The same procedure applies to infected devices or servers. Check how long the host was infected for before the incident was noticed? Have the attackers already spread further in the network through the infected host? Were other credentials that could only be read from memory stolen? And so on.
Mortal sin 6: direct internet access
Our CSIRT often sees that servers can communicate directly to the Internet without being routed through a proxy. Attackers in the internal network exploit this circumstance to simply exfiltrate data from the network or to address the command & control server. The solution: route traffic through a proxy so that blocking rules can be set up that make attacks more difficult. As a result, attackers can no longer easily reload programs and issue commands on the compromised machines.
Mortal sin 7: missing EDR agent
In today’s attack landscape, a simple antivirus scanner is not enough to prevent attackers from compromising the network. To protect larger networks, what is known as an “Endpoint Detection & Response Agent” (EDR for short) is required. The benefits of such EDR agents on the one hand are the deep insights into the processes and network connections of the hosts, and on the other, malicious behaviour can be detected thanks to these insights.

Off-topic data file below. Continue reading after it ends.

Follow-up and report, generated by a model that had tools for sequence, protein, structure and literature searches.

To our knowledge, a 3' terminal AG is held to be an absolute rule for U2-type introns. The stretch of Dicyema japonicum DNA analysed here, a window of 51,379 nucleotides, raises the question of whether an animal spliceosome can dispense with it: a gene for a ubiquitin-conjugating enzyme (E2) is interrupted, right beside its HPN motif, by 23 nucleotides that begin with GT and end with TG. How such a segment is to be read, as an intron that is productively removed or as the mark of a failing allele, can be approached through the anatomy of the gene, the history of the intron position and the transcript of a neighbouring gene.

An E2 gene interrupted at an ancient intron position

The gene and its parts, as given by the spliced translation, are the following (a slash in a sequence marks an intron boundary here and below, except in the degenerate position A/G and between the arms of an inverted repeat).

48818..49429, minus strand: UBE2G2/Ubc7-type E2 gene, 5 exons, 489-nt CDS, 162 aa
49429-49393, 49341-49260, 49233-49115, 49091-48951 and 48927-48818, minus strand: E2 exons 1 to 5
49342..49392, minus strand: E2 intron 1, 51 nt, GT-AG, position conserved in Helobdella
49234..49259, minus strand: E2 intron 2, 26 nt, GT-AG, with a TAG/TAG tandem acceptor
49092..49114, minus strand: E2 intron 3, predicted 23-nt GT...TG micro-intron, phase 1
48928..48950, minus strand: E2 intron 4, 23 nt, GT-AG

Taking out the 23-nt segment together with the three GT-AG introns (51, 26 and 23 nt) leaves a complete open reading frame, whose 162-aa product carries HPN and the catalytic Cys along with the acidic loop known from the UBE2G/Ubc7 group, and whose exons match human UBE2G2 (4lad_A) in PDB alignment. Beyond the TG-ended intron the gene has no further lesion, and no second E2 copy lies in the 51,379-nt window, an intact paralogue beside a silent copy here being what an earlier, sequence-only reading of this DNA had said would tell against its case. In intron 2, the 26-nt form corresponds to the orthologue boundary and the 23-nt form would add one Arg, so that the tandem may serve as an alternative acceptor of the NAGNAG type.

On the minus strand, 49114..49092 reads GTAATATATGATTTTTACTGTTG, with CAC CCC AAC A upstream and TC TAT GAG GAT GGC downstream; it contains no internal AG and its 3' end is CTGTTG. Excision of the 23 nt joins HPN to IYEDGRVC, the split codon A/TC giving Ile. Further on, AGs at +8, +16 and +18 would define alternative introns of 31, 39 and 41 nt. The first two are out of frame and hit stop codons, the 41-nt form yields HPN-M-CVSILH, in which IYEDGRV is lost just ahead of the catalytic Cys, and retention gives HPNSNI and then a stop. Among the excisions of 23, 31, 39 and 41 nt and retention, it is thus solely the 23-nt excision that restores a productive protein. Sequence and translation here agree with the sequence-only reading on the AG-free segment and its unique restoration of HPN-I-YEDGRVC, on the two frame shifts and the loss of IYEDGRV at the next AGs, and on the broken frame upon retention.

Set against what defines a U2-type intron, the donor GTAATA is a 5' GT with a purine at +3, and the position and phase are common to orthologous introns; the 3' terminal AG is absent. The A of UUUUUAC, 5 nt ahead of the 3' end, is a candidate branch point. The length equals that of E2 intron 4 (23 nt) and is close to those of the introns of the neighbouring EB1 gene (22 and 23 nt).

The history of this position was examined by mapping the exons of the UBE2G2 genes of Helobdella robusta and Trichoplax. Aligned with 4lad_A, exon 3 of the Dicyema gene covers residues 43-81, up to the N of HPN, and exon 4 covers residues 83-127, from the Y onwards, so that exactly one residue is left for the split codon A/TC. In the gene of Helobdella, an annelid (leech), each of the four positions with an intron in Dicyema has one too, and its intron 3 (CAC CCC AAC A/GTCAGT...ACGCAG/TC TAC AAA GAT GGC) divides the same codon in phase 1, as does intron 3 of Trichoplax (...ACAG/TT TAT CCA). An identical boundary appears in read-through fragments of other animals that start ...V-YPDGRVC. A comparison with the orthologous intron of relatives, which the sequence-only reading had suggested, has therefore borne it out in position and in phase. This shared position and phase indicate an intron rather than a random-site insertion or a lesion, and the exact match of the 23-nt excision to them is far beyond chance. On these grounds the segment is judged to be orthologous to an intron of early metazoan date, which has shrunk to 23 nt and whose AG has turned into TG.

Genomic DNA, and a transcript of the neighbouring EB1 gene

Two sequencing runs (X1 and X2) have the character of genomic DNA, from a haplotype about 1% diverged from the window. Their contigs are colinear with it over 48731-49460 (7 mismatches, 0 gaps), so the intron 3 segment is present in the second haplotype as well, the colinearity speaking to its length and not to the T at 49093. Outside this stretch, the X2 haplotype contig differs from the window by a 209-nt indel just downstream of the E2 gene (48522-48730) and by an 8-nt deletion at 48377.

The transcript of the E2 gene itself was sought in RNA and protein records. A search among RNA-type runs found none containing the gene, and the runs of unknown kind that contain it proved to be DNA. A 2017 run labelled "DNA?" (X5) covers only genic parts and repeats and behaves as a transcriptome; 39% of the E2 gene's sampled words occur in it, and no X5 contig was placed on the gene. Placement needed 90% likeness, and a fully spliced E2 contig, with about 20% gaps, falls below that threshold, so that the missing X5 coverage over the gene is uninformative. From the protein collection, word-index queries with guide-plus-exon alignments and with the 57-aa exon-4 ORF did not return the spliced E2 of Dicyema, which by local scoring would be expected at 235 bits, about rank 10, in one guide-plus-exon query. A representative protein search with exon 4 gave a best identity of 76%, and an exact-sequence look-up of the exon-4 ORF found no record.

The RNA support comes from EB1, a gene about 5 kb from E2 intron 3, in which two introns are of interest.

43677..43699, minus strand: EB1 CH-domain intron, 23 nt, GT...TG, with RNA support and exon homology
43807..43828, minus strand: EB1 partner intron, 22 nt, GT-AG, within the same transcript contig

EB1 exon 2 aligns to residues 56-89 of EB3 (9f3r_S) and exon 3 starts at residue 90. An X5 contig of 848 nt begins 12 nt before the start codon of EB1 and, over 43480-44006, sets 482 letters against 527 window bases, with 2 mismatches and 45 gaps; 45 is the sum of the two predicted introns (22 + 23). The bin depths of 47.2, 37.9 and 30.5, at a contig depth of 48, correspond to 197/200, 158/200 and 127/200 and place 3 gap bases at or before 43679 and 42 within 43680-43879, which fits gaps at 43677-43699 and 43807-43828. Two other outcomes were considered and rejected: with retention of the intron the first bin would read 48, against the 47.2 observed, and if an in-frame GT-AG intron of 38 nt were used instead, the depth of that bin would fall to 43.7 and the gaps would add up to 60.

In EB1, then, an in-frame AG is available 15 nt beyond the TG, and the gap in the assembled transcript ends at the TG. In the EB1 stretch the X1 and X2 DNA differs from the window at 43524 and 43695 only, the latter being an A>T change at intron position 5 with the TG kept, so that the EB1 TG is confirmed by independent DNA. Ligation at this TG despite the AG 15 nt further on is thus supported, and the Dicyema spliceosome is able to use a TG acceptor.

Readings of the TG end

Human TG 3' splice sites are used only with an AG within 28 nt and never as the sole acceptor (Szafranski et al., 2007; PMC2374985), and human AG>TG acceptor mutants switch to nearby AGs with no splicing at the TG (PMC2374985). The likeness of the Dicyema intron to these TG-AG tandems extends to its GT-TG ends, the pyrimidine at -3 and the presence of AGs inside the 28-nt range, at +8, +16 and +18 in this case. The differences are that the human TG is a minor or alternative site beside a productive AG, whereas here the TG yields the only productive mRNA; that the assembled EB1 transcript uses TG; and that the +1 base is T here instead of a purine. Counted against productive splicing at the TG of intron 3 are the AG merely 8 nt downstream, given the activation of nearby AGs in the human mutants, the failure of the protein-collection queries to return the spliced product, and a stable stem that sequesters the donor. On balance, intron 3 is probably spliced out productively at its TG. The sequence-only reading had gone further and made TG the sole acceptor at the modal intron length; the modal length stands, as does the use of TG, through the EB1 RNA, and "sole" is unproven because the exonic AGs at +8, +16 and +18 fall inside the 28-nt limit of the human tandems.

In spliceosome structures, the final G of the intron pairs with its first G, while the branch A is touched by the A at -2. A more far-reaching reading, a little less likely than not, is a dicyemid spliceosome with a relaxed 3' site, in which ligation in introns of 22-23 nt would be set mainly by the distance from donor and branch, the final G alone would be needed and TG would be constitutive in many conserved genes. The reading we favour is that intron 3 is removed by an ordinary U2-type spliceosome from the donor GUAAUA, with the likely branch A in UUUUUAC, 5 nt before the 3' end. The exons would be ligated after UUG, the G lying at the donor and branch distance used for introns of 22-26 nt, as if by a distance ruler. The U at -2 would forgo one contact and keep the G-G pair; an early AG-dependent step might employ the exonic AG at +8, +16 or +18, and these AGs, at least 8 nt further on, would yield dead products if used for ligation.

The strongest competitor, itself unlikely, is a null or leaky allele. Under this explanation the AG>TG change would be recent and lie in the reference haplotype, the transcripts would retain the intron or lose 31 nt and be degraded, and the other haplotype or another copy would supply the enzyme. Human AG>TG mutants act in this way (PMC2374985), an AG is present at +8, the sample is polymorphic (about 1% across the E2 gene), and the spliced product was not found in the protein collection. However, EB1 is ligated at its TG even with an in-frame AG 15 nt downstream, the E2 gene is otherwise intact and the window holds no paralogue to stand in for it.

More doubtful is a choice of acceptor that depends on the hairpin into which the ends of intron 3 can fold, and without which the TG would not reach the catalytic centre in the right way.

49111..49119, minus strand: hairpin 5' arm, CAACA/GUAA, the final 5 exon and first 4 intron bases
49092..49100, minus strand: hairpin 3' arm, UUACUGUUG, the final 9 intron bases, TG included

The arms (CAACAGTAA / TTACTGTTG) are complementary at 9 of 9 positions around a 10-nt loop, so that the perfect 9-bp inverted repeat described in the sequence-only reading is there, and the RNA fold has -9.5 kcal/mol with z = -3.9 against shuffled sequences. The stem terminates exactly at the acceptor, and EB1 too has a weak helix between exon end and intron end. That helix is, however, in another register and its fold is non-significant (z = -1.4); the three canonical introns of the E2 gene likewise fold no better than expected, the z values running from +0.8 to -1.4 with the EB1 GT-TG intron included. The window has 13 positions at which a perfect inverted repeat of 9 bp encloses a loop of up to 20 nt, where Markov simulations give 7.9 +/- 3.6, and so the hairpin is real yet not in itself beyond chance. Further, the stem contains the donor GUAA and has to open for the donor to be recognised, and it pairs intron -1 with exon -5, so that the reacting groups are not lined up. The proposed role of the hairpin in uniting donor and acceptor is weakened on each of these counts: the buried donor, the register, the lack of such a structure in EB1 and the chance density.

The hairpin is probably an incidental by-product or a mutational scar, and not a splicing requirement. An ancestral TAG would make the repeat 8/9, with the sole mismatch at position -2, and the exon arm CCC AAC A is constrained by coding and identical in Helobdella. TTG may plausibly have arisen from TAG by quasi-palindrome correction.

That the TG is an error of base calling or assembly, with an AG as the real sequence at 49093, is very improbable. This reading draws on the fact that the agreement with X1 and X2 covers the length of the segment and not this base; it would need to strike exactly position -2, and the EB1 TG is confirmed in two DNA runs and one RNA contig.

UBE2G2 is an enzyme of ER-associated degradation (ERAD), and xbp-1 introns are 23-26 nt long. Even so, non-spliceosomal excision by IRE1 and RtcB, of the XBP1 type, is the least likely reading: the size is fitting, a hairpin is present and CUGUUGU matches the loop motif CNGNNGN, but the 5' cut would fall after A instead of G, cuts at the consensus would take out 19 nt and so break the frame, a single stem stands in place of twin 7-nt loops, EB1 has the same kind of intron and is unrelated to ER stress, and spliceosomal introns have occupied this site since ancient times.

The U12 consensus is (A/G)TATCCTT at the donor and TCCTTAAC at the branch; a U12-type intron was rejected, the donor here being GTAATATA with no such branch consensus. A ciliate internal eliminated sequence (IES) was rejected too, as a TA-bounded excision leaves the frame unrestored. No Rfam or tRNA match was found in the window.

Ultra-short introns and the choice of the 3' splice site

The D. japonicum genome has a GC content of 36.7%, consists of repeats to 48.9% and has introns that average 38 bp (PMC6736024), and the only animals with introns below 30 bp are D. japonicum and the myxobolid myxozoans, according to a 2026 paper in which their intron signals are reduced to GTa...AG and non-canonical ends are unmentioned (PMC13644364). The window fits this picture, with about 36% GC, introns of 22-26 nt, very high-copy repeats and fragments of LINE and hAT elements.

IT security is complex, but not a dead end
If you now feel you have been caught committing one or the other “mortal sin” – you are certainly not alone. However, insight into and understanding of the relevance of such basic rules and practices is itself the first step in the “safe” direction. Nevertheless, cyber defence has become a must in the event that an attack is successful no matter how exemplary your behaviour. Since many companies lack both the know-how and the resources, it is advisable to obtain cyber-defence services from an external partner such as InfoGuard.
The services of our Cyber Defence Center (CDC) range from Managed Security Services, which monitor systems 24/7, detect and remedy weak points, to SOC-as-a-Services for holistic cyber defence, to Incident Response Services, where I and my team colleagues are immediately on hand should an emergency occur.